Humans of Central project takes a deeper look into what makes our students unique

Giselle Pineda, Staff Writer

On September 4, 2010, Brandon Stanton launched his now famous project Humans of New York (HONY) depicting thousands of people’s stories in photographs. Ms. Holtzer’s Research 2 class is following in his footsteps, bringing inspiration from his project to the school. The project, “Humans Of Central,” will take a deeper look into what makes Palm Beach Central’s students so special. On completion, it will be turned into an exhibit portraying multiple photos of students and excerpts of their stories.

The idea for “Humans Of Central” came from Ms. Holtzer’s discovery of photographer Brandon Stanton’s book, “Humans of New York.” The book, which originally started in New York and expanded across the world, is a collage of thousands of photos and writings of people’s stories over the span of a decade.

For the Research 2 class, the objective is to depict students’ stories, showing both the differences and similarities of each student’s situations, experiences, background, accomplishments, and events that helped make them who they are as a student of Palm Beach Central.

“Our goal is to develop greater empathy and to reach a better understanding of each other, to create and appreciate the diversity of our community,” said Holtzer.

Currently, the project is run by three seniors: Jordan Fox, Taryn Giel, and Giselle Pineda. These students hope that their peers will understand that they are not the only ones going through hardships. They hope to encourage diversity, compassion, and inclusivity on campus by promoting the idea that everyone is unique in their own way.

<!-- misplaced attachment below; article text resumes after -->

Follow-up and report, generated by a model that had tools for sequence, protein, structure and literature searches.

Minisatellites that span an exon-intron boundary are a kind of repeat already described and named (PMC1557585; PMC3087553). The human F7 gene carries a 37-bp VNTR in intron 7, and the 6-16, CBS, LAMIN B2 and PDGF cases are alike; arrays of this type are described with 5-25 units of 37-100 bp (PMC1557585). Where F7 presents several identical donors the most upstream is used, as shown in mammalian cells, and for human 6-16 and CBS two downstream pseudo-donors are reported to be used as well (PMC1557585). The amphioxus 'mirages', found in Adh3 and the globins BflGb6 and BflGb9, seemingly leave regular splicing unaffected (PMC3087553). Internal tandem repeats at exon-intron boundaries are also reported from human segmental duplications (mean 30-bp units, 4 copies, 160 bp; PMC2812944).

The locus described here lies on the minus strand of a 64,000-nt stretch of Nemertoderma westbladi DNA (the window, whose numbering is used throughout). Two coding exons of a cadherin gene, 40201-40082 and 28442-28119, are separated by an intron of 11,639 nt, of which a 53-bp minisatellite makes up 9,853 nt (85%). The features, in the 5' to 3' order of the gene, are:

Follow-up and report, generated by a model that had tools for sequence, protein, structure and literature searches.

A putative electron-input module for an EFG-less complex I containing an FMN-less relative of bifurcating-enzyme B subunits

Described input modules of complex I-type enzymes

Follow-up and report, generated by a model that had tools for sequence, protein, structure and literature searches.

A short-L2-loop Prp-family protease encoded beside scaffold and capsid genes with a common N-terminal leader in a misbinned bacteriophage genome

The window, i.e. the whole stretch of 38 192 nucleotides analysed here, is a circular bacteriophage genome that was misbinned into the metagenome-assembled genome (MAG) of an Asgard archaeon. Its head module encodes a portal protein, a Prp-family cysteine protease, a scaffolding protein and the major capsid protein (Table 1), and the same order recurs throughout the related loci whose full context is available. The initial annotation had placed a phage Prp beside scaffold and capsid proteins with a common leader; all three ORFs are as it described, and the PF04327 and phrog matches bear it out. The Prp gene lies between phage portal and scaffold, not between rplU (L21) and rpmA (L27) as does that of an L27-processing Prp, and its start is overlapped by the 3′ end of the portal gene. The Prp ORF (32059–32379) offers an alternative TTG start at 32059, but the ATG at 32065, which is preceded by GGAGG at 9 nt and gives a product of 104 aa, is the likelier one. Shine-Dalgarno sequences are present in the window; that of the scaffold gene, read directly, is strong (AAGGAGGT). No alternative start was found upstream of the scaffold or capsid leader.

“The purpose of this project is to encourage students to share their own stories with the world because everyone’s stories matter,” said Giel.

As of now, the Research 2 class plans on making a video of themselves explaining the project and creating prompts for students in their English and Language classes to answer. They are planning to ask teachers to assign the prompt to students where they will write one to two paragraphs. So far, they have collected around 80 stories.

The purpose of the project is to get to know the students that make up the fabric of Central and to learn about our diverse experiences and backgrounds,” added Holtzer. “Everyone has a story and every story is important and should be told. When we understand the lives, joys, pains, and experiences of others we grow to understand that we are not all that different, that we are all human.” 

So far, the project has generated a lot of interest many students are excited about the project. 

“I do feel that the school would need to know about the other students’ stories and who makes up the school,” expressed junior Tori Jones. “You never really know who’s going through something.”

Other students, such as junior Adriana Castro, commented that they believe this would enhance the diversity and understanding of each person’s background within the school. 

Last year, Holtzer’s Research 1 class — which studies events from abuse to genocide — completed another exhibit about the Holocaust. The theme of the project was “More Than Just a Number,” which included a variety of illustrations and poetry to match. Unfortunately, due to COVID, the exhibit was never put up. 

This year, however, Holtzer hopes to incorporate some of the poems made by her students in last year’s class exhibit into this year’s project. The goal is to help enhance the point her Research 2 class students are hoping to get across.

When finished, the stories and photos collected from the students will be used to create a displayable exhibit in the Media Center. At the moment, the project is a work in progress. While there is no set date on which the project is to be completed, the class hopes to release it by October. 

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